Pro-Biden Super PAC Launches $24 Million Effort to Boost Vote-by-Mail in Swing States

In this May 17, 2016, file photo, ballots are prepared for counting at Multnomah County election headquarters in Portland, Ore. The coronavirus has knocked presidential primaries back several weeks as officials worry about voters crowding into polling places. If the disease remains a hazard in November, Democrats say there's only …
Don Ryan/AP Photo

A leading Super PAC working to elect former Vice President Joe Biden is launching a multi-million dollar initiative to boost vote-by-mail participation among communities of color in swing states this November.

Priorities USA Action, the largest Super PAC aligned with the Democrat Party, announced on Wednesday it would invest $24 million in mobilizing black and Latino voters to vote-by-mail ahead of the upcoming general election. The expenditure comes on top of an already announced $32 million effort to register new voters and bring legal challenges to election laws in swing states across the country.

“In addition to our $32 million voting rights effort, we are investing $24 million in mobilization, vote-by-mail, and persuasion campaigns aimed at Black and Latino Voters in [six] states,” Guy Cecil, the PAC’s chairman, wrote on social media when announcing the new investment.

Priorities USA’s vote-by-mail initiative will target six battleground states–Arizona, Wisconsin, Michigan, Pennsylvania, North Carolina, and Florida–considered pivotal to Biden’s hopes of taking the White House. It comes as vote-by-mail is increasingly becoming a dividing line between Democrats and Republicans. Democrats favor the practice, arguing that it would be a safer alternative to in-person voting amid the concerns over the coronavirus. Republicans, on the other hand, claim widespread vote-by-mail could interfere with the integrity of the elections process.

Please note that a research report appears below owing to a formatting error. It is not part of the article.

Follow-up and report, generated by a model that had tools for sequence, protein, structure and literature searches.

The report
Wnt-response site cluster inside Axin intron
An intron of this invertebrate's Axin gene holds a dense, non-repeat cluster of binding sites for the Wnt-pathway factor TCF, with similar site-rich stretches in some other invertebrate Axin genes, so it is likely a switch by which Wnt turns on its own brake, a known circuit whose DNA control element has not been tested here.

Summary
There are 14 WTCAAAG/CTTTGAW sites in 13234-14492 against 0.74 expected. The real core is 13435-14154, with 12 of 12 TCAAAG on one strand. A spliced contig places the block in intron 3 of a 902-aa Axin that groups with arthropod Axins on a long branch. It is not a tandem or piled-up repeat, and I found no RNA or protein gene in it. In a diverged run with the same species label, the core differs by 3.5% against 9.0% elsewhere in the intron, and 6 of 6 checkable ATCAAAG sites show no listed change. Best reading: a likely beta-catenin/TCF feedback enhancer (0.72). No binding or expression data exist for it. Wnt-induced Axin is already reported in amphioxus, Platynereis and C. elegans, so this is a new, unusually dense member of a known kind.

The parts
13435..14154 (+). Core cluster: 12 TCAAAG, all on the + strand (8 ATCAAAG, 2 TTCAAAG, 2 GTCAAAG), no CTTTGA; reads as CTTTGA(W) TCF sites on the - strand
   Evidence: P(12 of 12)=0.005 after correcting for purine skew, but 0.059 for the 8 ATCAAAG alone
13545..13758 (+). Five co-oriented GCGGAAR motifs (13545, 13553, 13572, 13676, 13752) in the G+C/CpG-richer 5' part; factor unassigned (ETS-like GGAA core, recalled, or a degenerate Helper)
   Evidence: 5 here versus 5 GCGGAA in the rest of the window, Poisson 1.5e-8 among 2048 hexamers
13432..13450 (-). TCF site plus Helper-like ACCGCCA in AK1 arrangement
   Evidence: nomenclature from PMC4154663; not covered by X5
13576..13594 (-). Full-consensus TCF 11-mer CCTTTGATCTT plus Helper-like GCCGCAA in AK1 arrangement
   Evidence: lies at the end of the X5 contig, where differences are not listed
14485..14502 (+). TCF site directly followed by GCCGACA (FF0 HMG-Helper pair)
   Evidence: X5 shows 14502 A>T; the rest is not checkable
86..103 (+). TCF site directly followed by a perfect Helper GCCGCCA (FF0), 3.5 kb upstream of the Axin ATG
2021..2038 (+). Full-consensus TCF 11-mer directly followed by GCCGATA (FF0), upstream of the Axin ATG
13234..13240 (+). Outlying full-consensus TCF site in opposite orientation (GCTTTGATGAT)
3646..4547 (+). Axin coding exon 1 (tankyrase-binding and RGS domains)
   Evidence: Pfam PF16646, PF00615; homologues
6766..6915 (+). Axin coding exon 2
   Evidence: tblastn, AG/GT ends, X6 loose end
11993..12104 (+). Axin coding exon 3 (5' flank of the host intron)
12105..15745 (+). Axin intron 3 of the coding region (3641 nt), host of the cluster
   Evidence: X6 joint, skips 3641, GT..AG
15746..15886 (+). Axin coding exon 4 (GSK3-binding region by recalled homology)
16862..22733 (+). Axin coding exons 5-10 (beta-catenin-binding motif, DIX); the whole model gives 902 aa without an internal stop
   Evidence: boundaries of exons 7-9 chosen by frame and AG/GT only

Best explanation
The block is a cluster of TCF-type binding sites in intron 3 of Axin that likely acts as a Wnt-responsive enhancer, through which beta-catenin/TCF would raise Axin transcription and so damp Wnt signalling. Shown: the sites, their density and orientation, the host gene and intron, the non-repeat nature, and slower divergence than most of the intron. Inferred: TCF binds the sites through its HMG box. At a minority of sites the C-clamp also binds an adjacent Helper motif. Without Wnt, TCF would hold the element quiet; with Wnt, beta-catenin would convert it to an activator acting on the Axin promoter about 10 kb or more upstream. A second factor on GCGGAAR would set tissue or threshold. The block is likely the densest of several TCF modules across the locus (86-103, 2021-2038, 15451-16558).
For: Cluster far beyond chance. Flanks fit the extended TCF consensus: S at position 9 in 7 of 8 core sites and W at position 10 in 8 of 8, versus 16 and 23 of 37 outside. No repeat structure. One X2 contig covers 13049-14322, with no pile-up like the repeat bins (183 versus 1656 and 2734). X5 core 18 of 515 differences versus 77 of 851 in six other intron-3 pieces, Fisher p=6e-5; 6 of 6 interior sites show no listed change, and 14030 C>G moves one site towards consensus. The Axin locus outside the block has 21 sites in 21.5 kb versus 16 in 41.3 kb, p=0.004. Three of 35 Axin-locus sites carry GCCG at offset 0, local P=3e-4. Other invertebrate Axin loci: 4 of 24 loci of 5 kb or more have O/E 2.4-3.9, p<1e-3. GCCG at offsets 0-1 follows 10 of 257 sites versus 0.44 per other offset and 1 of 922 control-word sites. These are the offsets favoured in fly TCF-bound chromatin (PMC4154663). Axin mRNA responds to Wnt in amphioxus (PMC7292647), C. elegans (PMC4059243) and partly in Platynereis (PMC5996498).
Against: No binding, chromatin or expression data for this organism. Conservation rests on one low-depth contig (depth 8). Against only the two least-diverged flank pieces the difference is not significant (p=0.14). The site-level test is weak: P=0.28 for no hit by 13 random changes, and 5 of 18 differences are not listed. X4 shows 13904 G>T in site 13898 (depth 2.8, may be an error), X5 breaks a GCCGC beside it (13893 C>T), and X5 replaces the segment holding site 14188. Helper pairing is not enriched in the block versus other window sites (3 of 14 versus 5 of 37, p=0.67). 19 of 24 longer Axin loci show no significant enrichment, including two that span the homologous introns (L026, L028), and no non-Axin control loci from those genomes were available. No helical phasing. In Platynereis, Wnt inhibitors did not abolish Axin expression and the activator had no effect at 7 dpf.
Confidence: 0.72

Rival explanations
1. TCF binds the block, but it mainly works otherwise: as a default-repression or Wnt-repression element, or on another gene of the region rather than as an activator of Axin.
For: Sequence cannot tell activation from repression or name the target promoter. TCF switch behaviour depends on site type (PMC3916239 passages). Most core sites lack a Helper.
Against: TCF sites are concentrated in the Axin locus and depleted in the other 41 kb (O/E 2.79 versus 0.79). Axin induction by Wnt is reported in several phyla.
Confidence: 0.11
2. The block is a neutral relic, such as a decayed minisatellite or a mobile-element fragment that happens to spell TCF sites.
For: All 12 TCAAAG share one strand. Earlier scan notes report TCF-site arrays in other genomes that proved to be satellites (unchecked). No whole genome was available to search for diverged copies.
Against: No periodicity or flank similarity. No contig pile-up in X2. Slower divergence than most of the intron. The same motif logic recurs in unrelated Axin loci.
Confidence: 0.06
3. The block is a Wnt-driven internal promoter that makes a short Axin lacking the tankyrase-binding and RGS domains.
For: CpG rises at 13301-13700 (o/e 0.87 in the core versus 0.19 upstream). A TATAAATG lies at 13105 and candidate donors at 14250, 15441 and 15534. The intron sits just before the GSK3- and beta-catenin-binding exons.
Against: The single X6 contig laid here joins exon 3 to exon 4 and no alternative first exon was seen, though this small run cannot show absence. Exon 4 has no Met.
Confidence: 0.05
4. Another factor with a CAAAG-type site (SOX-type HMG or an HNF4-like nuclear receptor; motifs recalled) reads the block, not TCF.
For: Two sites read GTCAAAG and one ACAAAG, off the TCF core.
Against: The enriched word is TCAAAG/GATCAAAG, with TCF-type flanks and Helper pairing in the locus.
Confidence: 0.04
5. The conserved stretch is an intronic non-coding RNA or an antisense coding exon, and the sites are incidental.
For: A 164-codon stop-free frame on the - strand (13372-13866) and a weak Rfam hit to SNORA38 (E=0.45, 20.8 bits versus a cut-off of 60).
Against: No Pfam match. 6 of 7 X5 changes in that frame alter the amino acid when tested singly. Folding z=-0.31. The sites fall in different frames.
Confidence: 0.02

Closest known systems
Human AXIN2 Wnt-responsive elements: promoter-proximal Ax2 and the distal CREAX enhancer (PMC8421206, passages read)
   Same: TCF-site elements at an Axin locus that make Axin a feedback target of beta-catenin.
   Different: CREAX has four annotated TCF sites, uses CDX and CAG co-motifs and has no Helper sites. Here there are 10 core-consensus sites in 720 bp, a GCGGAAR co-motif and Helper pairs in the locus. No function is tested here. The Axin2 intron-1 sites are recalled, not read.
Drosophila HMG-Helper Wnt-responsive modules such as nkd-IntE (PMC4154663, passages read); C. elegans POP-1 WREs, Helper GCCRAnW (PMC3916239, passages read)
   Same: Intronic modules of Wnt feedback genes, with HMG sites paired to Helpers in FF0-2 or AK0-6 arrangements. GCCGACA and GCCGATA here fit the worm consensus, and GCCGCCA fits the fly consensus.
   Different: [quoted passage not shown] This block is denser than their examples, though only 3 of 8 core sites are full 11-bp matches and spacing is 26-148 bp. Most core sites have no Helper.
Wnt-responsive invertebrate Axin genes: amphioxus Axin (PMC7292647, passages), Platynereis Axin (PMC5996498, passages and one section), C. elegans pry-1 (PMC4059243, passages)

Apart from voter fraud, there are also concerns among some Republicans that vote-by-mail could delay the reporting of results well after Election Day, creating political instability. Wisconsin recently indicated the possibility of this scenario when it took more than a month to count at least 30,000 outstanding mail-in ballots from the state’s April 3 Democrat presidential primary. Given such concerns, Republicans and conservative-leaning groups have begun suing state election officials for unilaterally imposing vote-by-mail.

Biden, who has publicly floated the idea that President Donald Trump would try to “steal” the election, has begun assembling an army of election lawyers and volunteers to fight off any election “chicanery,” such as attempts to limit universal vote-by-mail.

“We put together 600 lawyers and a group of people throughout the country who are going into every single state to try to figure out whether chicanery is likely to take place,” the presumptive Democratic nominee said at a fundraiser earlier this month.

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